Daily Archives: September 7, 2010

Post-floods: Pakistan must embrace a comprehensive reform agenda

Raza Rumi

Pakistan’s recent disaster has exposed the long standing crisis of statehood. It would be a cliché to state that even the best prepared country would have been swamped by the scale of the floods. However, the flood also exposed our failing state and never before have we witnessed such radical damage wreaked on the governance institutions in the country.

Beyond the early recovery phase: The enormity of the humanitarian crisis requires concerted planning and a seamless transition into the rehabilitation and reconstruction phase. A key reason for the skepticism of citizens and the international community relates to the obvious challenges of governing Pakistan and ensuring that the state delivers on its inherent mandates. Humanitarian assistance has been forthcoming and the pundits’ credibility-deficit argument has been trashed by the world as it made pledges of over 600 million dollars. However, resources for the post-relief phase are uncertain. The usual recipe of the international economic order through IFI loans seems to be the only solution in sight unless the world wakes up to the potential long term consequences of this disaster and finds other ways than to increase its debt.

Financing challenges: A bigger challenge that faces Pakistan’s crumbling governance is related to financing the disaster-management. Already, competition between the Pakistani state agencies and the United Nations system seems to be apparent. The intentions of the UN notwithstanding, its inefficiencies (such as high administration costs) are all too well known. Similarly, the funding tensions between the federal and provincial governments will also come to light as and when assistance arrives. The criteria are unclear – Punjab wants it according to the damage while the smaller provinces are already talking about the state of ‘relative devastation’ and losses. This is something that the national council of common interest will have to resolve, lest it creates more fissures and becomes another pretext for an extra constitutional upheaval. Continue reading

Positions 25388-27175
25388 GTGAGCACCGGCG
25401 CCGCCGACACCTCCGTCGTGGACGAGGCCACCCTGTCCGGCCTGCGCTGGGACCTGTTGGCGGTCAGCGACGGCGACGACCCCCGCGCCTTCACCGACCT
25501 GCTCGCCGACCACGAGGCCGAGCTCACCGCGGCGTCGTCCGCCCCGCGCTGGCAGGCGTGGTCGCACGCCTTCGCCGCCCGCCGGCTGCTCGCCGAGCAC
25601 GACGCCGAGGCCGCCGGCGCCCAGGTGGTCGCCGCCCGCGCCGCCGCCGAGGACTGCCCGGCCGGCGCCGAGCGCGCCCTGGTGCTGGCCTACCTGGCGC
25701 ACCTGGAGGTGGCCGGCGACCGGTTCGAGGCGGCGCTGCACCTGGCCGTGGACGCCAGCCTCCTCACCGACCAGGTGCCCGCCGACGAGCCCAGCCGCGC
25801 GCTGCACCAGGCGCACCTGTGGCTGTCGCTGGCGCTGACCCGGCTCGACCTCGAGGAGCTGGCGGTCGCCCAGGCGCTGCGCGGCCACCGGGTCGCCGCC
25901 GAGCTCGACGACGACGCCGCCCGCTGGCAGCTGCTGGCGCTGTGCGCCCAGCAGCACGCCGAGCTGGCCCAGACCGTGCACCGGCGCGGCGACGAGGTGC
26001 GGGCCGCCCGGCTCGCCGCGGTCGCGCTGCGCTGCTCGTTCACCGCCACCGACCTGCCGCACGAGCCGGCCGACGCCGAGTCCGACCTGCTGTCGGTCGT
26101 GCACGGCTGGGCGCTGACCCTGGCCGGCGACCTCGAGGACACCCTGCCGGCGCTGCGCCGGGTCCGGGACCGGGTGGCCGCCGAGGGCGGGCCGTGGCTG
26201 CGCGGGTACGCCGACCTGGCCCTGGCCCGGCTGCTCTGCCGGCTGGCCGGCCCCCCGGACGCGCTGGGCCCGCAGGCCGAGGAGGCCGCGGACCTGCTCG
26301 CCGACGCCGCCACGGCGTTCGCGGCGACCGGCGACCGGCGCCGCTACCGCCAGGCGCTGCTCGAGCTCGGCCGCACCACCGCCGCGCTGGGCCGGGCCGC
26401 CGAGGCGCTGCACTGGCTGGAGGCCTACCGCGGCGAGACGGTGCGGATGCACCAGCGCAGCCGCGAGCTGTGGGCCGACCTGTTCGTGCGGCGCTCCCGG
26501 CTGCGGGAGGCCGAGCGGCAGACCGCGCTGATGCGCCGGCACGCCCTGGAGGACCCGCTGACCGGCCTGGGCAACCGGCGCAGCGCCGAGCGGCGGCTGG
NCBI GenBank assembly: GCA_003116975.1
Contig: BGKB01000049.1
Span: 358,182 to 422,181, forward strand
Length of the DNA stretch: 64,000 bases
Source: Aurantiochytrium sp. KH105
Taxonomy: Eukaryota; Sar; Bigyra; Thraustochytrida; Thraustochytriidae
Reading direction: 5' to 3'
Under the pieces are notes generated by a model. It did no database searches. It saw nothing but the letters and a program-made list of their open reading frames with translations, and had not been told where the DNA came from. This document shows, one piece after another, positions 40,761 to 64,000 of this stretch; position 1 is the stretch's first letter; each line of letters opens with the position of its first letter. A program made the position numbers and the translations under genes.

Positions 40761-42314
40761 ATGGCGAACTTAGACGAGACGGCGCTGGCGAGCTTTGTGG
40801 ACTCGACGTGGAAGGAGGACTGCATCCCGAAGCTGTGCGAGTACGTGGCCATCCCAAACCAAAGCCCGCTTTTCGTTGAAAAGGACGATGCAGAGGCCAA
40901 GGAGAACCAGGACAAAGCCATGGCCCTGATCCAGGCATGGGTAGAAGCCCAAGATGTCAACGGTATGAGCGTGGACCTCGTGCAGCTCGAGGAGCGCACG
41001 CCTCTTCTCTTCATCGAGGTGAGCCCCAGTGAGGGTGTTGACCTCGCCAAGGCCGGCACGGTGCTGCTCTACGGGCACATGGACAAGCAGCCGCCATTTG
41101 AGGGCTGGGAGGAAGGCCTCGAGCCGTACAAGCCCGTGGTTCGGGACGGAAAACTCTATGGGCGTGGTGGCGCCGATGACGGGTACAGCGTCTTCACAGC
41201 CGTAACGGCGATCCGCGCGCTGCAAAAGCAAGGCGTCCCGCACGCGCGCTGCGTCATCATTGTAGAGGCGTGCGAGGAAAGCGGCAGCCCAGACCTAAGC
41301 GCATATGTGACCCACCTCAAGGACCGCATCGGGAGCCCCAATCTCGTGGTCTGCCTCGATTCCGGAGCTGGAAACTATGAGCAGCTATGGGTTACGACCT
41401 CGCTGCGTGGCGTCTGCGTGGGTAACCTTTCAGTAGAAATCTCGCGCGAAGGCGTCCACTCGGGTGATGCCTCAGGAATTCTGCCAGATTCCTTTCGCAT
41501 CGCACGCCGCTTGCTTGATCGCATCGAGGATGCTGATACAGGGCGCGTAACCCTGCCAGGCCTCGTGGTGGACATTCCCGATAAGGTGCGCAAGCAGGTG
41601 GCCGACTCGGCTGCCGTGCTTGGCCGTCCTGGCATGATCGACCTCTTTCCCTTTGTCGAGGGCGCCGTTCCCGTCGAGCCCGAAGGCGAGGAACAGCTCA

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The Zardari Pinata

D. Asghar’s latest post for PTH:

Lately in many discussions, about various events which have unfolded in Pakistan, it appears that Pakistanis in or outside Pakistan, find only one person responsible, its President Asif Ali Zardari. To clarify, I reside in the US, have no affiliation with him or PPP. As a teenager, when I was in Pakistan, I admired ZAB, but according to my analysis, the ideals of PPP died along with ZAB on the ill fated day of, April 04, 1979.  Even late BB, failed to impress me as she made some huge blunders, and used ZAB’s name to advance her political career. There is no denying of this fact, that till this day PPP, uses ZAB and now BB as well to tap into the vote banks. It is the sheer charisma of ZAB, which still resonates with the masses.

Getting back to our infamous President, the blogospheres are on fire chastising him for almost any and everything. Whether it is the bomb blasts, floods, mob lynching or cricket betting scandal, he seems to be the target of everyone’s scorn. Undoubtedly, AAZ has a questionable past and his actions subsequent to taking the oath are definitely worthy of criticism, but definitely not worthy of any military intervention. Continue reading

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